The Obama administration has retained its campaign strategy of sticking to the agenda and not letting the outside noise distract them. The health care debate is a good example of that. I wrote an article back in August that suggested that the White House knew all along where this debate would turn out and that everything that happened along the way was simply window dressing. The administration insisted on first trying to get a bipartisan agreement on health care reform. Looking back (and even at the time) most will admit that this was a waste of time. However the President had promised during his campaign that he would seek to find middle ground with the opposition and this was the first high profile policy debate that would test this promise. We may look back now and say that the first five months of the health care debate were wasted in an attempt to find some or any Republican support, but the President was simply fulfilling a promise made to the American people. The President's supporters on the left have railed about the fact that single payer was never on the table, however candidate Obama always said that we would have to work within the private health insurance system. Some have simply forgotten that point or assumed that the President was just saying what he needed to say. I am now sure that the Obama administration always knew that the debate over health care reform was going to come down to a fight between Democratic Senators. The White House was secure in the fact that they could achieve health insurance reform but were less sure about what other health care reform could be achieved given the deep divisions within the party.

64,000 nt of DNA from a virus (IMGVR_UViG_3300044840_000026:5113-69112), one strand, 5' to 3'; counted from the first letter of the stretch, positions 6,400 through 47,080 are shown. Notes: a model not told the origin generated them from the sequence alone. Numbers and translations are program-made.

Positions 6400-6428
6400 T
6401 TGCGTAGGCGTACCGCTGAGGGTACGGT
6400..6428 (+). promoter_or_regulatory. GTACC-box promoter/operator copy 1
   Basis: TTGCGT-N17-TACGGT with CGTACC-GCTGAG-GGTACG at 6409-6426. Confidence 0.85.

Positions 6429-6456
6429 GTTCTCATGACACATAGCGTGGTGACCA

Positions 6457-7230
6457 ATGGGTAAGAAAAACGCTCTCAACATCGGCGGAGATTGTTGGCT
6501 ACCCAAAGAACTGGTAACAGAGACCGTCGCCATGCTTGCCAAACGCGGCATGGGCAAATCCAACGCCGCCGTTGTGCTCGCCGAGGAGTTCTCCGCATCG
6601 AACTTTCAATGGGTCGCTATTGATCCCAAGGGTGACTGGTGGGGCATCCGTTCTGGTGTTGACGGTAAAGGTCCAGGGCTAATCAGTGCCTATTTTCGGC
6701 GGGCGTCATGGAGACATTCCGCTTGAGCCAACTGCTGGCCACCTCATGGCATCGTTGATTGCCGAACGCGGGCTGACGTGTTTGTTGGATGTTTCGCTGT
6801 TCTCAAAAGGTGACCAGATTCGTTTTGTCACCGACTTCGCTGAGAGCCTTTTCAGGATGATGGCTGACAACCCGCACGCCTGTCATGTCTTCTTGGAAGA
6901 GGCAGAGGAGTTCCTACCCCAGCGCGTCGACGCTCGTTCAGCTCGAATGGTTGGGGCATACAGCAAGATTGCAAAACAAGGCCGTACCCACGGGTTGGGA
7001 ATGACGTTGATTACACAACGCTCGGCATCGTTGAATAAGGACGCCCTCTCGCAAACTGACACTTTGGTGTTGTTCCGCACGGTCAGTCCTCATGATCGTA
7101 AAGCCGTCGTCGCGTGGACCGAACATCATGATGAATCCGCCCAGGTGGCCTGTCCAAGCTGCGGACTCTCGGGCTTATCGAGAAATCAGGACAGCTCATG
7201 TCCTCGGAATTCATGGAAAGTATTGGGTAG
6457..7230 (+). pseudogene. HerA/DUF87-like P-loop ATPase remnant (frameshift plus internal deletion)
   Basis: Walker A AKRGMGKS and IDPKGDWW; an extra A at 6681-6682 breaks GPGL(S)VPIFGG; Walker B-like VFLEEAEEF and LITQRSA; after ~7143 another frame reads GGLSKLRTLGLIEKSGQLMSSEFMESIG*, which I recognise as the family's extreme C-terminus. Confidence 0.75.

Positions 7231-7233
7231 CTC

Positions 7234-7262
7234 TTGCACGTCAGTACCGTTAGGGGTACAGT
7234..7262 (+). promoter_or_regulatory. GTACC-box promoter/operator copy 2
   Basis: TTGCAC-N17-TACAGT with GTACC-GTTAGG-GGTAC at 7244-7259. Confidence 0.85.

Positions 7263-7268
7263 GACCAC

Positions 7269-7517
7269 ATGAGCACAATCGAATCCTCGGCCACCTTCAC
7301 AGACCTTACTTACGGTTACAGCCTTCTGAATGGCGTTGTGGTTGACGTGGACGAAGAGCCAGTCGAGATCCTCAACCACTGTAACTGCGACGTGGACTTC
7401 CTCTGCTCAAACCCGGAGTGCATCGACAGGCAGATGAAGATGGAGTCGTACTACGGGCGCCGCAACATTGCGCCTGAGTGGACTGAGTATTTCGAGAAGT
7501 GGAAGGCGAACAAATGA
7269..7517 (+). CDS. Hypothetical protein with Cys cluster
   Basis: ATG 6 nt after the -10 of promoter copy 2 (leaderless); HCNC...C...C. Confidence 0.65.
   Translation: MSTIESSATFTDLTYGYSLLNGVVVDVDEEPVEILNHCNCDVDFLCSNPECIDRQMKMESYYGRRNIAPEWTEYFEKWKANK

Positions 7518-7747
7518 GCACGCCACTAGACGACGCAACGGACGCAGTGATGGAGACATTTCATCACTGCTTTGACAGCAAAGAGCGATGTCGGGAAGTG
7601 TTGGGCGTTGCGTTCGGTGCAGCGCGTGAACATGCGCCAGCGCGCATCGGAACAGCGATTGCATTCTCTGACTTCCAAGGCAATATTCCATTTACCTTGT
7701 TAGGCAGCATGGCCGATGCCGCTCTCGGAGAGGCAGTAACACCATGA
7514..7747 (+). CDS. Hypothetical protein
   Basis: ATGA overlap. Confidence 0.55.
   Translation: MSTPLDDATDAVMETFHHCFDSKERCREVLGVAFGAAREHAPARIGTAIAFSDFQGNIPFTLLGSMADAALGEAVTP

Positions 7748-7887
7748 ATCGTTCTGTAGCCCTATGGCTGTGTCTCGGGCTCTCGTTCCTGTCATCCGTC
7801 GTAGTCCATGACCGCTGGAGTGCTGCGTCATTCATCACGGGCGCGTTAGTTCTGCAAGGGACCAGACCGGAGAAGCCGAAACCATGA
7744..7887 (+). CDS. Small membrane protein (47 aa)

There is nothing wrong with a long term approach or in being able to anticipate the outcome of a debate. However since most people in the country are not privy to the inner workings of the White House, their attitude comes off as extremely nonchalant. To the outsider it may look like the White House was not fully engaged in the debate or that they did not have a hand in the outcome. I'm sure that neither could be further from the truth. The seeming lack of a sense of urgency from the White House is just a manifestation of the "no drama Obama" strategy from the campaign. And while this approach may indeed work well in the long run, in the short term it leaves those who worked so hard and invested so much in this campaign, feeling a little cold. The idealism of the campaign has now run head on into the reality of actually running the country and fending off attacks from outside and inside the party.
Idealism is a necessary part of the political process. Without high ideals, even baby steps are never taken. It took this country 100 years after the slaves were released to produce a piece of legislation that guaranteed the rights of the descendants of those freed slaves. None of that would have come about without the idealism of those who believed that the country should and would do better. But just think of how many people worked and believed and tried to bring about some semblance of equality, only to die without seemingly ever moving the needle. Our ideas and our ideals are what give us hope that tomorrow will be better than today. The campaign of Barack Obama galvanized those ideas and ideals into one recognizable force. It would have been impossible for the Presidency of Barack Obama to live up to the numerous dreams that were built into the smiles and tears of those who celebrated that victory last November.